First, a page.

A Fight About Smoking

I smoked A LOT over the holiday. I’ve pretty much always allowed myself to smoke when I visit my dad’s house. Him and his fiance smoke. Constantly. Inside the house.

I left work on Tuesday the 23rd with the sense of freedom that elementary school kids have on the last day of school. I took 3 days off from work to celebrate Christmas. It’s not many, I know, but they were the first vacation days that I’d actually be using for vacation, as opposed to studying for midterms. I felt giddy. I met a friend for dinner and enjoyed a strong drink. I started thinking about smoking with the first sip. Then I bought some on the way home. I was on vacation! And I was headed to my dad’s house the very next day, so what’s a few early ones in anticipation of that?

I smoked like a fiend for 3 days straight, finishing 2 packs. That’s more than I usually smoked when I considered myself a smoker. I had an unopened pack from my stocking that I was going to save until New Year’s Eve. That plan didn’t last long. I didn’t smoke most of the day on Saturday, but then we decided to hit up Bantam Cider’s tap room and I opened that pack on the way there, in anticipation of drinking.

I admitted that I was losing my grasp on quitting. A day or two more of this would have spelled disaster. For my lungs, at least. Three days, I would probably be a full-fledged smoker again. I admitted all this to the bf to acknowledge my failings and get some support. I asked him to remind me (really, make me) throw out the rest of the pack I had before I went to bed. If they were still around in the morning, there’s no doubt I’d enjoy one with my coffee. And finish that 3rd pack throughout the day.

On the walk home we got in quite the argument. He wanted to take a cab and I wanted to walk. He accused me of wanting to walk just so I could smoke. I was drunk. I just wanted the FitBit steps. I could smoke all I wanted when I got home. He wanted a cab, but didn’t hail one because I had already lit a cigarette. I protested that if he caught a cab, I’d put it out. But we kept walking. Stewing in anger.

I don’t know how the next bout started. He said I never quit. That “quit” has a very clear definition of not doing it anymore, and I still smoked; ergo, I never quit. That really pushes my buttons.  To me, that’s like calling me an alcoholic just because I drink alcohol. I quit being a smoker. I swear I did. And I felt diminished. I felt like I might as well smoke all the time if this is how he looks at it. If he can’t recognize my progress, commend me on my effort. He was tearing me down instead of building me up (I sincerely apologize if I lifted that from some Taylor Swift song or other nonesense).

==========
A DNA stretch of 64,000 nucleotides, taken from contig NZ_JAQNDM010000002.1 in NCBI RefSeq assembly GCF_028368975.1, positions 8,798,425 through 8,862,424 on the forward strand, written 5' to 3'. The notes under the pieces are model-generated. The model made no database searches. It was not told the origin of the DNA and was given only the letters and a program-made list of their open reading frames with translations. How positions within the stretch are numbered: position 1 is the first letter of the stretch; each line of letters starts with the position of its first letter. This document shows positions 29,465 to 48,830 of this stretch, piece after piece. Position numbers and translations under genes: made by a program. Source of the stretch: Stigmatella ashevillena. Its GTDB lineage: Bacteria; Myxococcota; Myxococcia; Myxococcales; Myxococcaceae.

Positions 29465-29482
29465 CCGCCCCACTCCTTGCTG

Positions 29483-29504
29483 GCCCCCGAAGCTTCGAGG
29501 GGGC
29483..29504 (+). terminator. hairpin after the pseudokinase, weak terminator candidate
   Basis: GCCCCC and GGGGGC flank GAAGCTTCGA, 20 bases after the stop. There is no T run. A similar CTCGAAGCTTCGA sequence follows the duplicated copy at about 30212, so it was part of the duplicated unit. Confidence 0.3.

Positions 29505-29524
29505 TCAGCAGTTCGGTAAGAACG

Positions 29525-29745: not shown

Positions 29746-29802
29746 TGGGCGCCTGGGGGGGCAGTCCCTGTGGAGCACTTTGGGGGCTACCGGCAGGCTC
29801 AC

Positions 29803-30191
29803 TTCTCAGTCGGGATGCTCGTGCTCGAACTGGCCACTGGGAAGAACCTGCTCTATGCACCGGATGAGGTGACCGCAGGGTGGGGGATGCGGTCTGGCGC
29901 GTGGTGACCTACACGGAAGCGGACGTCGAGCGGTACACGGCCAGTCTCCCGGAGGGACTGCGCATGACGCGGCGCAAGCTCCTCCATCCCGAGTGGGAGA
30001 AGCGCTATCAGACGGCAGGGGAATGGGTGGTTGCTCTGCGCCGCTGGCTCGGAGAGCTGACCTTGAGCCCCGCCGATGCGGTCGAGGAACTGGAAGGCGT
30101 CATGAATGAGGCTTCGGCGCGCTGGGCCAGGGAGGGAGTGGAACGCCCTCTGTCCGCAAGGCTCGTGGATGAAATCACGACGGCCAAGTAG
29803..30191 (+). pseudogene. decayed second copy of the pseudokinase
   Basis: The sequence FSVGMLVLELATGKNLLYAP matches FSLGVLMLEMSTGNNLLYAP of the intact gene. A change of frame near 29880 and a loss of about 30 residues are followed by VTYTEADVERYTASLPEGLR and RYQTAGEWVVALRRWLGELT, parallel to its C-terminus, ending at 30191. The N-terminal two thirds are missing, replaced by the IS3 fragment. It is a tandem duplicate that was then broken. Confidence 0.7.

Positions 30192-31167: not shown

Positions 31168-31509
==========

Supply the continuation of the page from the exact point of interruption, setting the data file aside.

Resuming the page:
We were drunk.  These are generalizations.  But along with the fact that I “never quit,” I also “never really try.” I don’t use Nicotine patches or gum or other substitutes.  The part of addiction that keeps me wanting to smoke at parties and when I’m drinking isn’t the chemical addiction to Nicotine.  It’s an addiction to a feeling, to a physical habit, to an “I can do what I want” freedom.  He pointed out that I don’t want to quit.  I told him he’s right.  By his (and, yes, Merriam Webster’s) definition of quitting, I don’t want to quit.  I want smoking to be a habit that I can pick up and put down.  That I don’t want all the time, but can enjoy at appropriate times.  I truly want it to be like alcohol.  That’s what I’m striving for.

However, I don’t need alcohol like I need cigarettes.  I don’t succumb to it when I don’t want to.  I’m able to say no if someone offers me a drink and I don’t feel like one.  I don’t have that control over smoking, but that’s what I’m trying for.  No patch or shot or pill or gum or shaming is going to get me there.  I need to want it enough, and find the willpower to control it better.  To stick to my words when I say, “I’ll only smoke at so-and-so time.”  I just need to follow my own rules.

Advertisements

4 thoughts on “A Fight About Smoking

  1. I am 51 years old, quit smoking in February. I was a happy smoker for 35 years. I don’t condemn smoking, I don’t preach about quitting. I started my quitter blog because I wanted to pay it forward. I quit when I was ready. I put it out and walked away. A few bad days, but nothing unbearable. A few really comical moments. The post that hurt me inside was the one when I had to admit that even though I am quit now, I do have to acknowledge the fact that I might die from lung cancer or another smoke related disease in the future. As true as it is, I don’t like it. I don’t know you and you don’t know me. You don’t want to be in my shoes when you are my age. One day…when you will be serious, let me know. I will help you as good as I can…until then…Happy New Year

    • Happy New Year and congrats on quitting!! As you say, I’m not serious about it, yet. I was really serious about breaking the daily addiction, but after that I’m okay with it. Logically, I know it’s not the right answer, but it’s hard to make yourself want something that you don’t (yet).

  2. I’m sorry you guys fought about it but at the same time I’m glad your bf remembered that you wanted to quit and held you accountable to it. Even when you were both drunk; which is probably why you guys ended up fighting and not talking about it, but I suspect you needed to hear that. Good luck quitting ❤ Based on what I stalk (er…read) from your blog, you seem strong and with enough willpower to do it if you put your mind to it. (ugh..I sound like my mom. Sorry!)
    p.s. I just noticed your new gravataar pic! Love it. Also cool ink! 🙂

    • Thanks Adi! It’s not so much that he remembered that I want to quit, it’s that HE wants me to quit. Lol. I want to be able to smoke sometimes!! (Yes, I tend to make light of serious things…like Chandler, from Friends)

Comments are closed.